Off the Beaten Path: Discovering Hidden Gems on a Road Trip through Hokkaido - Visit Historic Sites from Hokkaido's Past
Hokkaido has a rich history that is fascinating to uncover during your travels across the island. From ancient indigenous Ainu cultural sites to relics of Hokkaido's frontier era, historic attractions provide an illuminating glimpse into the region's past.
One highlight is the medieval fortress of Matsumae Castle in southern Hokkaido, the only Japanese castle on the island. This imposing 17th century complex with black lacquered walls and ornate gates reveals the pivotal role Matsumae played in controlling trade with the Ainu during Japan's feudal Edo Period. Wander through the inner citadel's tatami-floored rooms and climb up to scenic lookouts on the ramparts overlooking the Sea of Japan. Nearby Fukuyama Castle ruins and Kita-Fukuyama Fortress provide more glimpses of how the Matsumae clan maintained its stronghold over the island.
On the remote Shiretoko Peninsula, visit the UNESCO World Heritage Site of Kaminoko Hot Spring, an Ainu village populated since the 15th century. Here you can see remains of traditional irori hearths and learn about indigenous Ainu customs through mask carvings and cultural performances portraying rituals like iyomante, or bear sending ceremonies. Nearby Shiretoko Nature Center's exhibits provide more insight into how the Ainu sustainably coexisted with Hokkaido's wildlife for centuries.
In southern Hokkaido, the Open-Air Museum of Little World showcases historic buildings transplanted from across the island, including watermills, farmhouses, shrines, and even an Ainu village complete with thatched roof homes. Costumed interpreters demonstrate traditional daily life, like wielding samurai swords or printing with wooden blocks, transporting visitors back to Hokkaido's frontier era.
Up north in Wakkanai, the Yorodoko Fort Community recreates a 1920s village from when Japan expanded its settlements northwards across Hokkaido. Tour authentically constructed houses, cafes, and even an arrest processing center providing an immersive experience. Nearby at Cape Soya, a monument marks Japan's most northern point, reminiscent of when explorers reached this frontier edge after trekking across the island's wilderness.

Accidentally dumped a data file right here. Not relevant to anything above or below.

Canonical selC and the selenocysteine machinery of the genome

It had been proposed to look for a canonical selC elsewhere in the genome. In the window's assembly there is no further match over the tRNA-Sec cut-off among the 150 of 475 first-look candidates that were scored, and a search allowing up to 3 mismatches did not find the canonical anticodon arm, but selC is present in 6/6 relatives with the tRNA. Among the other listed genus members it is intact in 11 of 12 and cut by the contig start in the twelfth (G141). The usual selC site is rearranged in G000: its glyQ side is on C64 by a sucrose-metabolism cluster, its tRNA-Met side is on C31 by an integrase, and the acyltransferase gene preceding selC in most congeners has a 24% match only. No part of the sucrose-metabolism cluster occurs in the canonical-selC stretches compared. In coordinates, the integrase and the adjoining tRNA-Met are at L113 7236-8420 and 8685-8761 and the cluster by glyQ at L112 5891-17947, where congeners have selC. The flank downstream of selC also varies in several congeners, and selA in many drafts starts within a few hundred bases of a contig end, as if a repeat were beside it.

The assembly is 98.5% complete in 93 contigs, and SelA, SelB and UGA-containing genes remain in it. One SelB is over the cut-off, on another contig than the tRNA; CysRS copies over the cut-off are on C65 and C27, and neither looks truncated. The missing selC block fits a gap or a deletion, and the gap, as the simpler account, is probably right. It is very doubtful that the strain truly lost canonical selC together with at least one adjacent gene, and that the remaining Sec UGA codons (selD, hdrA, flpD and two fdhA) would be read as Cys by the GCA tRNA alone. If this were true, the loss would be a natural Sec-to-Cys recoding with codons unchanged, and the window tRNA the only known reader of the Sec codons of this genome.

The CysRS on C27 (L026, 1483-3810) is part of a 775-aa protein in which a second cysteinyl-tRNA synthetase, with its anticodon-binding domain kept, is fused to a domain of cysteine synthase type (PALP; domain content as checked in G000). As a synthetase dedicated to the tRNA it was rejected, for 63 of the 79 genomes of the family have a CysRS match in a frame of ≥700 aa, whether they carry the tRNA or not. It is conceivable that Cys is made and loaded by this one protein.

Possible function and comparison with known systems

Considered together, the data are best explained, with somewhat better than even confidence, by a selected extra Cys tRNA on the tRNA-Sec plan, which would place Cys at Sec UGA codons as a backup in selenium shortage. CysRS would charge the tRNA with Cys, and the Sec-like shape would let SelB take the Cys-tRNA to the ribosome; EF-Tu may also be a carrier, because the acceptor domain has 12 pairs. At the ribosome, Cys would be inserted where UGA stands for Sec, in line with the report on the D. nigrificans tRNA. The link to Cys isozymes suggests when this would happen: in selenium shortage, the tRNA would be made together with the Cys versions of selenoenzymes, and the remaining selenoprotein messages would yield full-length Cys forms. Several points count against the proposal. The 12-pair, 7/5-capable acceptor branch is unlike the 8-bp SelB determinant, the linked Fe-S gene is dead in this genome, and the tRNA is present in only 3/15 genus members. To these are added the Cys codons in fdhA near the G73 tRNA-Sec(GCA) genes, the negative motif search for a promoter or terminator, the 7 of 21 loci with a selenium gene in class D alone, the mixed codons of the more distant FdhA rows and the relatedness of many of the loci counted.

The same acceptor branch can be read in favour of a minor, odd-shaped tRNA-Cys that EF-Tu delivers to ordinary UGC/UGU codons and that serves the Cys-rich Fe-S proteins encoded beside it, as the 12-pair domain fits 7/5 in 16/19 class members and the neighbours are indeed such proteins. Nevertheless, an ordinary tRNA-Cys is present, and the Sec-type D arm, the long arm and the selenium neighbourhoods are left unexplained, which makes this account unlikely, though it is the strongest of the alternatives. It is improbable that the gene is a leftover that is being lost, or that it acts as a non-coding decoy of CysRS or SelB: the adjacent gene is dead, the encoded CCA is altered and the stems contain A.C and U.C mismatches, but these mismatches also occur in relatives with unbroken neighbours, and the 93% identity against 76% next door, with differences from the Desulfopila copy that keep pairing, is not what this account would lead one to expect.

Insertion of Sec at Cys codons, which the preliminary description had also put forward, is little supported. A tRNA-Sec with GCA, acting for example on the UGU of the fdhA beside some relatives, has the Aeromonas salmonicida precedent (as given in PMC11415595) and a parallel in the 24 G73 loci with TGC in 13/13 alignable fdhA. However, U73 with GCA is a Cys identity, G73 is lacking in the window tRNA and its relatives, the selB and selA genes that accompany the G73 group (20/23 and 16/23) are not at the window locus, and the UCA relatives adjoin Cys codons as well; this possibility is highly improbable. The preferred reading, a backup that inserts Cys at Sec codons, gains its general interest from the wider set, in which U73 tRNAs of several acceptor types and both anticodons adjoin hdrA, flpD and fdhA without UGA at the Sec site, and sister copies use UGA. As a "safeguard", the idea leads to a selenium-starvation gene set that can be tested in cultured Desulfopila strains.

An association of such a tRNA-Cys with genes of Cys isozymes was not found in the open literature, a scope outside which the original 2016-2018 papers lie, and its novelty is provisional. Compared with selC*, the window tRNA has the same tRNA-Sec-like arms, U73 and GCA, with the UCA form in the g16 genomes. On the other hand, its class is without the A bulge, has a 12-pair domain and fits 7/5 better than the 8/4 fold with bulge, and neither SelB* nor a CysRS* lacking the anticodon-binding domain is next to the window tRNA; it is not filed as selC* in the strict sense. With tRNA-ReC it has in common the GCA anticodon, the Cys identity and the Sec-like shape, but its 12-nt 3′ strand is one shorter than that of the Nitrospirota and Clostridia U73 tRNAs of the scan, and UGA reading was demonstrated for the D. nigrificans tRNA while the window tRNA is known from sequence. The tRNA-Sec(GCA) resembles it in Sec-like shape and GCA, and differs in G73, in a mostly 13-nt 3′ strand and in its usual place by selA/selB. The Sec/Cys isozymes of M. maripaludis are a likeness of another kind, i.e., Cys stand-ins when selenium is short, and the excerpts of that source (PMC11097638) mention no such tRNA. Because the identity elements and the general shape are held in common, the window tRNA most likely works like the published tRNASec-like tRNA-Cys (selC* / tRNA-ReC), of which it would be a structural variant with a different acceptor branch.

Off the Beaten Path: Discovering Hidden Gems on a Road Trip through Hokkaido - Experience Traditional Ainu Culture Firsthand
For travelers intrigued by indigenous cultures, Hokkaido offers a rare opportunity to gain firsthand experiences of traditional Ainu practices that have endured on the island for centuries. Today, many Ainu embrace sharing their customs not only as a way to earn supplementary income but also to boost awareness of Ainu identity among Japanese society.
Several established places across Hokkaido provide accessible and authentic ways for visitors to engage with Ainu culture in respectful ways. One prominent location is the Ainu Kotan village in the Shiraoi district, easily reached on a day trip from Sapporo. At Ainu Kotan, English-speaking guides explain key aspects of traditional lifestyle, from the centrality of white-tailed deer and salmon to animist spiritual beliefs. Displays in thatch-roofed houses showcase handcrafted wood and textile crafts, while live demonstrations feature ceremonial dances and weeping rituals. Guests can also try archery, listen to traditional tonkori instruments and epic yukar ballads, and sample smoked venison stew.
On the remote Shiretoko Peninsula, the tiny seaside village of Ichani provides homestays with Ainu community members to learn about their culture. Ainu hosts warmly share heritage over cups of home-brewed black distinct sweet duodums cookies. Visitors might get invited to help smoke fish or watch eagle hunt training before gathering around the irori hearth at night to hear elders chant traditional uvaman songs. Before leaving, guests always receive handwritten notes in Ainu script as mementos.
Ainu culture historically revolved around nature, as reflected in customs like iyomante bear sending rituals or fishing for salmon on Sakhalin-style dugout canoes called itaomachip. On the northeast coast in Abashiri, the Okhotsk Ryuhyo Museum provides hands-on experiences celebrating this heritage through seasonal activities led by Ainu guides. Come winter, visitors can carve Hokkaido-style itak wood tags commemorating dreams for the new year or learn to make ropes from elm bark like those used for catching octopus. During summer salmon runs, guests stand waist-deep in frigid rivers and try catching fish with traditional spearing techniques passed down generations.
Off the Beaten Path: Discovering Hidden Gems on a Road Trip through Hokkaido - Sample Local Sweets at Small Bakeries